We have heard it said that this is a man’s world. I have no doubt that there is a great deal of gender inequality and that women tend to be the target for any passing misogynistic cheap shot and despite all our laws to prevent it, such attitudes persist. In practice of course, it has little if anything to do with a woman’s ability and everything to do with a “mans” insecurity.
The Most Powerful Position on Earth
Take Janet Yellen, who at 67 looks set to become possibly the most powerful person on earth (don’t tell the President). She looks set to head up the Federal Reserve; it will be her leadership that sets the tone of US economics and monetary policy, which will impact us all (given the size of the US stockmarket). Her significant credentials are considerable; yet the mere fact that at 67 she is embarking on such a powerful position is itself impressive. The majority of the Western world looks to retire at such an age, yet she seems to shifting gears and ready for action.
Yesterday I was on a training course, led by a woman, the best and most thoughtful questions and responses came from the females in the audience. In the evening I was at the London premier of “Gravity” which is a fantastic, very tense new film (that you really must shell out to see in 3D), which whilst fiction, has a hugely impressive female lead character (played by Sandra Bullock) who overcomes enormous difficulties. This morning Radio 4 were featuring Carolyn McCall who is the CEO of Easyjet, who has managed to treble their share price (form £4 to £12) in a little over 3 years and has picked up accolades for services to women in business.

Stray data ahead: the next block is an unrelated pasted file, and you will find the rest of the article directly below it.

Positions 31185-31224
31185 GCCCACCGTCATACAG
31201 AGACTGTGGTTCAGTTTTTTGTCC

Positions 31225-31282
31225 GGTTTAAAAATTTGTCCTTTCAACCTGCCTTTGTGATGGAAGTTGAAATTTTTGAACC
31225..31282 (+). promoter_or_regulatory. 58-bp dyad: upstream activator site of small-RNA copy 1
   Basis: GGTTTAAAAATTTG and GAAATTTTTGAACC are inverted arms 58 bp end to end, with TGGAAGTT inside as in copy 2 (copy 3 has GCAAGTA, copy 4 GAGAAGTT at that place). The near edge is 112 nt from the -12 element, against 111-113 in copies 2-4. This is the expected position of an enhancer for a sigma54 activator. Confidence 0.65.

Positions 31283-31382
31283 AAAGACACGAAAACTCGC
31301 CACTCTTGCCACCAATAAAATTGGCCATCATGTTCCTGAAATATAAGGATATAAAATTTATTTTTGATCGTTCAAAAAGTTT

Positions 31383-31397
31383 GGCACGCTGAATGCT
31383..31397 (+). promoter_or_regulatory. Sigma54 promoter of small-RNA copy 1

So we can probably agree that things are changing, not before time! Yet my industry is still dominated by a “male voice” and fails to engage with women generally. More than half of my clients are female and I insist on seeing couples together, yet I am certain that more could be done to make financial planning more engaging for women (and men). I suspect the language of much of financial services is tiresome to both sexes, it’s just that women are less willing to engage with the utter nonsense that is spewed into the arena. So, here’s where I need your help – what are your suggestions and thoughts? – how can I make the personal, bespoke financial planning that I provide even more accessible to women? (and men).
Dominic Thomas: Solomons IFA